Here, Merck’s impossibility pre-emption defense failsbecause it does not identify any federal law that “prohibited [it] from adding any and all warnings . . . that would satisfy state law.” Ante, at 13. By its reference to “the Laws of the United States,” the Supremacy Clause “requires that pre-emptive effect be given only to those federal standards and policies that are set forth in, or necessarily follow from, the statutory text that was produced through the constitutionally required bicameral and presentmentprocedures.” Wyeth, supra, at 586 (opinion of THOMAS, J.).Merck’s primary argument, based on various agency communications, is that the FDA would have rejected a hypothetical labeling change submitted via the CBE process.But neither agency musings nor hypothetical future rejections constitute pre-emptive “Laws” under the SupremacyClause.
As the Court describes, in 2008 Merck submitted PAS applications to add certain language regarding fractures tothe Adverse Reactions and the Warnings and Precautions sections of Fosamax’s label. Ante, at 6. In 2009, the FDA sent Merck a “complete response” letter “agree[ing] thatatypical and subtrochanteric fractures should be added” tothe Adverse Reactions section. App. 510–511. But the letter said that Merck’s proposed Warnings and Precautions language, which focused on “the risk factors for stressfractures,” was “inadequate” because “[i]dentification of‘stress fractures’ may not be clearly related to the atypicalsubtrochanteric fractures that have been reported in theliterature.” Id., at 511. In accord with FDA regulations, the letter required Merck to take one of three actions: (1)
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“[r]esubmit the application . . . , addressing all deficienciesidentified in the complete response letter”; (2) “[w]ithdraw the application . . . without prejudice to a subsequent submission”; or (3) “[a]sk the agency to provide . . . an opportunity for a hearing,” after which “the agency will either approve” or “refuse to approve the application.” 21 CFR §314.110(b); see App. 512. As this regulation suggests and the FDA has explained, complete response letters merely “infor[m] sponsors of changes that must be made before an application can be approved, with no implication as to the ultimate approvability of the application.” 73 Fed. Reg. 39588 (2008) (emphasis added). In other words, the 2009 letter neither marked “the consummation of the agency’s decisionmaking process” nor determined Merck’s “rights or obligations.” Bennett v. Spear, 520 U. S. 154, 178 (1997) (internal quotation marks omitted). Instead, it was “of a merely tentative or interlocutorynature.” Ibid. Therefore, the letter was not a final agencyaction with the force of law, so it cannot be “Law” with pre-emptive effect.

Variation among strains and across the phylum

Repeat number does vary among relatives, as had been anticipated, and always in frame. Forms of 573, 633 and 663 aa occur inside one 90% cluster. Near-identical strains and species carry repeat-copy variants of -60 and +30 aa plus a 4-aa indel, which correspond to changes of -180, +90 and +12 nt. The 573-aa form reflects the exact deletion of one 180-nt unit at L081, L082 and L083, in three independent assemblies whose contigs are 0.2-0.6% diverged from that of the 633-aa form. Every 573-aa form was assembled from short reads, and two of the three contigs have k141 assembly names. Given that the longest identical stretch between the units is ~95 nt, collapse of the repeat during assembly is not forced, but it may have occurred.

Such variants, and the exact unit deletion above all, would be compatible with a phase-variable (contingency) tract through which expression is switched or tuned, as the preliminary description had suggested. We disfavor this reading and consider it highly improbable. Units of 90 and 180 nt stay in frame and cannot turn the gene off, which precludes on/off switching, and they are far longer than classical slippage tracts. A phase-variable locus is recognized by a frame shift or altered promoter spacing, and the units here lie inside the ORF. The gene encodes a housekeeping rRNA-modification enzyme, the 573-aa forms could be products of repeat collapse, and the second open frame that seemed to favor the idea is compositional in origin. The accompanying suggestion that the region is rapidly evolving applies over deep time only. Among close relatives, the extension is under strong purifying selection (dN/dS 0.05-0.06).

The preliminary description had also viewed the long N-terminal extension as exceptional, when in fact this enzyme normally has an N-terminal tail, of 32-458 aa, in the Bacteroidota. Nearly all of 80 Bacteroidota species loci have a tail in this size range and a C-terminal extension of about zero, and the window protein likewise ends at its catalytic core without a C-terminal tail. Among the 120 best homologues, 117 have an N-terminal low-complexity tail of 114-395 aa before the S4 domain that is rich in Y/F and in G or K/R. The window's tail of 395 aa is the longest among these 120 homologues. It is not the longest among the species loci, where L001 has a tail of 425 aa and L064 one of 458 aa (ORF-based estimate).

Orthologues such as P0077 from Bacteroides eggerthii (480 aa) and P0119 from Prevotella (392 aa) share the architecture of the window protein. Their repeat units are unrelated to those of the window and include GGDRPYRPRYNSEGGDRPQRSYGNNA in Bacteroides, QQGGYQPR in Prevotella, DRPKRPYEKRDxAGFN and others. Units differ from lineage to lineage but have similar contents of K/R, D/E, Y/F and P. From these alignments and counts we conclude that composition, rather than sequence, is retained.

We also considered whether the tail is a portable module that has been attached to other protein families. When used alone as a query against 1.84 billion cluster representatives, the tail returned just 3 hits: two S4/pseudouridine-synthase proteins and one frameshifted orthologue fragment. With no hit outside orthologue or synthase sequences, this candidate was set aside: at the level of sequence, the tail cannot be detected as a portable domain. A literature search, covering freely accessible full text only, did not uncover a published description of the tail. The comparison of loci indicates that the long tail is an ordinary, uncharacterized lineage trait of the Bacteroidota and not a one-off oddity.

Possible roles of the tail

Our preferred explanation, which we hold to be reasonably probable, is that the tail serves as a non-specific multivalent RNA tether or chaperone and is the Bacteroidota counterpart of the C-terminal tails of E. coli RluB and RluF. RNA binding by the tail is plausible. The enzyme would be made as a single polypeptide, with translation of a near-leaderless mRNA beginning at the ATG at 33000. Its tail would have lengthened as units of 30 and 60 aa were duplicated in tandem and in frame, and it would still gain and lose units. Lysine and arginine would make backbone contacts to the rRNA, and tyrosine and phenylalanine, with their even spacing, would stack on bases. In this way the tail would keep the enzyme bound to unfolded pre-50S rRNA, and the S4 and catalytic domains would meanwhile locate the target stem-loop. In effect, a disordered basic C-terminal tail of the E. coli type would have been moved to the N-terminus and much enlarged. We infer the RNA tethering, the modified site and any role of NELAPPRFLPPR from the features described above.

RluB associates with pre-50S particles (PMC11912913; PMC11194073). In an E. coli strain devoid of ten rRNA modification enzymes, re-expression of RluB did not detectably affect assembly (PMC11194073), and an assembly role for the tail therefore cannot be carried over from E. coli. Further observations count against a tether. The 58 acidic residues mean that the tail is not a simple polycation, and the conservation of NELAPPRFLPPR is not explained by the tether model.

Merck’s argument that the 2009 letter and other agency communications suggest that the FDA would have denied a future labeling change fares no better: hypotheticalagency action is not “Law.” As Merck acknowledges, itcould have resubmitted its PAS applications, sought a hearing, or changed its label at any time through the CBE process. See Reply Brief 13. Indeed, when Merck instead decided to withdraw its PAS applications, it added atypical femoral fractures to the Adverse Reactions section through the CBE process. That process also enabledMerck to add language to the Warnings and Precautionssection, but Merck did not do so. If it had, it could have satisfied its federal and alleged state-law duties—meaning that it was possible for Merck to independently satisfyboth sets of duties. Merck’s belief that the FDA would have eventually rejected a CBE application does not make
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an earlier CBE change impossible. As the Court correctly explains, “‘the possibility of impossibility [is] not enough.’” Ante, at 13–14. The very point of the CBE process is that a manufacturer can “unilaterally” make a labeling changethat does not violate other federal law, Wyeth, 555 U. S., at 573; see id., at 570; e.g., 21 U. S. C. §352, at least until the FDA rules on its application.*
Because Merck points to no statute, regulation, or other agency action with the force of law that would have prohibited it from complying with its alleged state-law duties, its pre-emption defense should fail as a matter of law.
—————— *In 2007, Congress “granted the FDA statutory authority to require a manufacturer to change its drug label based on safety information that becomes available after a drug’s initial approval,” but even after this amendment, brand-name-drug “manufacturers remain responsible for updating their labels.” Wyeth, 555 U. S., at 567–568; see 21 U. S. C. §355(o)(4). As I understand the Court’s opinion, if proper agencyactions pursuant to this amendment, or other federal law, “prohibited the drug manufacturer from . . . satisfy[ing] state law,” state law would be pre-empted under our impossibility precedents regardless of whetherthe manufacturer “show[ed] that it fully informed the FDA of the justifications for the warning required by state law.” Ante, at 13; see, e.g., Wyeth, 555 U. S., at 576; id., at 582 (BREYER, J., concurring). Of course, the only proper agency actions are those “that are set forth in, or necessarily follow from, the statutory text,” and they must have the force of law to be pre-emptive. Id., at 586 (opinion of THOMAS, J.). I am aware of no such agency action here that prevented Merck from complying with state law.
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ALITO, J., concurring in judgment
SUPREME COURT OF THE UNITED STATES
No. 17–290
MERCK SHARP & DOHME CORP., PETITIONER v. DORIS ALBRECHT, ET AL.